Before I started the interviews, I hypothesized that all three of these variables would predict depressive symptoms. I was wrong on all counts. Having a history of depression and/or anxiety apparently doesn’t influence susceptibility to and/or the intensity of ennui following a distance trek. This makes perfect sense if you adopt the position that post-trail depression is actually post-trail grief. If this is the case, of course having a history of depression is not directly related to how deeply you experience something that isn’t actually depression. Surprisingly, neither gender nor age appear to have an effect either. Men and women reported both exceptional difficulty and remarkable ease in the post-trail transition with equal frequency, as did individuals who hiked in their early 20s compared to their early 30s (a brief note on the limitations of this age range, below).

Your Job Kind of Matters and Kind of Doesn’t

My job, sometimes. Do I like sitting at a desk? No. Do I find my work meaningful and purposeful? Yes. The value overrides any discontent.

The nature of one’s job (seasonal vs. career) doesn’t seem to influence how difficult the transition from trail back to work is, but how you feel about the job does. This appears to be directly related to the issue of purpose. However, it’s less straightforward than whether or not one’s job is perceived as purposeful. It’s about values alignment. Individuals who believe their job should be purposeful, who also perceive their job post-trail is purposeful, seem to have an easier time with the transition. As long as the actual and the ought are in alignment, people have less difficulty with the “need to make money” aspect of post-trail life.

By contrast, post-trail negative emotion occasionally seems to come with a tinge of guilt, almost exclusively derived from the issue of work. As one hiker explained, “I feel torn between worlds. Right now it feels like all I want to do is go hike for the rest of my life, but that feels selfish. Thru-hiking makes me happy, but I also want to contribute something to the world.” Again, this really isn’t about the work. It’s about one’s sense of self.


Burney Falls has limitations, too. Primarily, frigidity.

There are a number of limitations to this article that are worth mentioning. Hikers were recruited to participate using Instagram, leaving room for what is called selection bias, as well as several other threats to the generalizability of the data I collected from 20 people. In a similar vein, the age range of the individuals I interviewed was incredibly small. It is possible hikers of different ages–perhaps especially those who are hiking during retirement–might not exhibit the same trends. (On this note, it’s possible that hiking during retirement would be a protective factor, given the likely stability and solidity of one’s sense of self at that age.)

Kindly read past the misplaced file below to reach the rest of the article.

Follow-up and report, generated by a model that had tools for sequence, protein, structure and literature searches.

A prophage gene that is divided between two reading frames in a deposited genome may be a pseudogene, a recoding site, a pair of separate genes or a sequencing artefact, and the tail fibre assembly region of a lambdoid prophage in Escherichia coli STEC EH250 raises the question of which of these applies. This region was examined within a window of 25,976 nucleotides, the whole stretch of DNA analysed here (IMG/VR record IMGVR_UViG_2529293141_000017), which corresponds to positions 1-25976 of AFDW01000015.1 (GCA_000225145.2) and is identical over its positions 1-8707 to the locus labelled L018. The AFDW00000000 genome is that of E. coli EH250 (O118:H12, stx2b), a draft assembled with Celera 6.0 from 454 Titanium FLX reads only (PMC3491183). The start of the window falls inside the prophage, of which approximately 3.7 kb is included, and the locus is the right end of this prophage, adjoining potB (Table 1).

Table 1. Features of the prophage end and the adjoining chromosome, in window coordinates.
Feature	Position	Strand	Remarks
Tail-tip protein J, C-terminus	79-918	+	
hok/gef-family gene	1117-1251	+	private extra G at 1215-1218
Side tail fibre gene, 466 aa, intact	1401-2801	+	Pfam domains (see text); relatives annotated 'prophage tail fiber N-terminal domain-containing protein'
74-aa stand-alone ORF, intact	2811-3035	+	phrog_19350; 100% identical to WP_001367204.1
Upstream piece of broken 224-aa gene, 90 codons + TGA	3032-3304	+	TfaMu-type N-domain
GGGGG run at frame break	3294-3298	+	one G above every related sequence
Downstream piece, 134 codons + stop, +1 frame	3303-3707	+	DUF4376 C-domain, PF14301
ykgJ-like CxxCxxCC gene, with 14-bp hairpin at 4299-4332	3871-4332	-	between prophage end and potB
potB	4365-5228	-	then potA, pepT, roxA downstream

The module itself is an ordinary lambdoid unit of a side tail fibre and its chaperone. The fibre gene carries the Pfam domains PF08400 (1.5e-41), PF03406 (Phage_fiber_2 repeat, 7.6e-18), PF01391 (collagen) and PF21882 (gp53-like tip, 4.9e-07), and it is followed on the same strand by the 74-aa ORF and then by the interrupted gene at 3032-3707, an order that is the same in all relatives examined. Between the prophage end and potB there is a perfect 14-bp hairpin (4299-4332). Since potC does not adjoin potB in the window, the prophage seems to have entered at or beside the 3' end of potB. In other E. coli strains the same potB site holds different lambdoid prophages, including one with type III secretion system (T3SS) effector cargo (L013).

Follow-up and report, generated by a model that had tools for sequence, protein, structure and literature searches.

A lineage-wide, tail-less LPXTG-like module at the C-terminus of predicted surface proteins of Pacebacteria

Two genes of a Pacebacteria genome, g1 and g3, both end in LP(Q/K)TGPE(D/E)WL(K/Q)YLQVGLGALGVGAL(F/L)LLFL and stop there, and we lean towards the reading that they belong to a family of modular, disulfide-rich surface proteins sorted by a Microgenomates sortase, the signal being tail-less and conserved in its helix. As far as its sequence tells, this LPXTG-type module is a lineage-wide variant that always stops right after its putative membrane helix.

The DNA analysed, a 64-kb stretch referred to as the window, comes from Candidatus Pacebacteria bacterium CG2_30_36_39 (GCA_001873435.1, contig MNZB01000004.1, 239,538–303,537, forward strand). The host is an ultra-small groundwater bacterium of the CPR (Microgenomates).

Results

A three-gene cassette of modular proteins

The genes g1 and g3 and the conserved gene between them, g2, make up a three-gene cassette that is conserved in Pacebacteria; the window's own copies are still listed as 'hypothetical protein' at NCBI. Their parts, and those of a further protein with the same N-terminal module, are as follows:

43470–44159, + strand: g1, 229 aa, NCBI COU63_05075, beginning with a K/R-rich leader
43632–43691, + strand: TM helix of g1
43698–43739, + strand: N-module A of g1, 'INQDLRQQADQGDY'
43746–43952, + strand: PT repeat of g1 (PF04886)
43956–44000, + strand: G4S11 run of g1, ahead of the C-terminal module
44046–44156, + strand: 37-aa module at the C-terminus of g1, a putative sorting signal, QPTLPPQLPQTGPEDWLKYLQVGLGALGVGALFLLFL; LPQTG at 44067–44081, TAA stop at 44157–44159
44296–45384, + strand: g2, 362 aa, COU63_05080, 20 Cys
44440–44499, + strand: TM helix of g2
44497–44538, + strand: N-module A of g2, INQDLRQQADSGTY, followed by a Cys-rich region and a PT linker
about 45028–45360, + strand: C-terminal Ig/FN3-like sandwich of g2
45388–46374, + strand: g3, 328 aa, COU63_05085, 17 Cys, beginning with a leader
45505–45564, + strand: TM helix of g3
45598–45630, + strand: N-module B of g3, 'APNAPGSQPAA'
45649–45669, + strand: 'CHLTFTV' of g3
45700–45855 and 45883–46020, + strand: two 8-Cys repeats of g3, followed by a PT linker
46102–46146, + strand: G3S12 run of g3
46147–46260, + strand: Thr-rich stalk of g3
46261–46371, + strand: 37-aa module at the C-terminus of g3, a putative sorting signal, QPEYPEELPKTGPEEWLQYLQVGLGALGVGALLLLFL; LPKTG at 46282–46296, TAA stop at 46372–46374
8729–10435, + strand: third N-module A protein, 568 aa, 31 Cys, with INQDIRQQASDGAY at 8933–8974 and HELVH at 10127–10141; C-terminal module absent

Additionally, the vast majority of hikers I interviewed were residents of the United States who completed long trails in the United States. This briefly came up in a conversation with a Canadian hiker and made me wonder if there are location-related variables that affect one’s post-trail experience. Perhaps more on that another time.

And finally, I did not collect any demographic information on race/ethnicity, gender identity, education level or a number of other potentially important variables. There’s only so much information a single person can acquire in a short amount of time. All these things are worth taking into consideration, and I encourage anyone reading this to take my interpretation of this qualitative data with a grain of salt. There is certainly more to be learned about the post-trail experience.

How Can I Avoid Post-Trail Grief?

Ansel Adams Wilderness. So gross. Hated it.

Out of the 20 people I spoke with, not a single person reported a total absence of difficulty with the transition. From a clinical perspective, three people seem to have had an easier time: the couple I already mentioned, and a highly introspective 2018 AT thru-hiker with an uncommon world view and a very complex and well-developed sense of himself and his place in the world. And even these three still endorsed restlessness, irritability, and feeling overwhelmed. So your odds of completely avoiding any post-trail emotional upset are not very good. Sorry.

My question is: why would you want to? Just as relationships orient us to ourselves, sadness orients us to our values. Emotions are existential feedback mechanisms—they let us know how things are going and how closely we are living in alignment with our core values. Sadness about the loss of trail SPACE and the person you are within that space would suggest you’re someone who values connection: to the world, the people in it, and your own self. Why would you want to change that?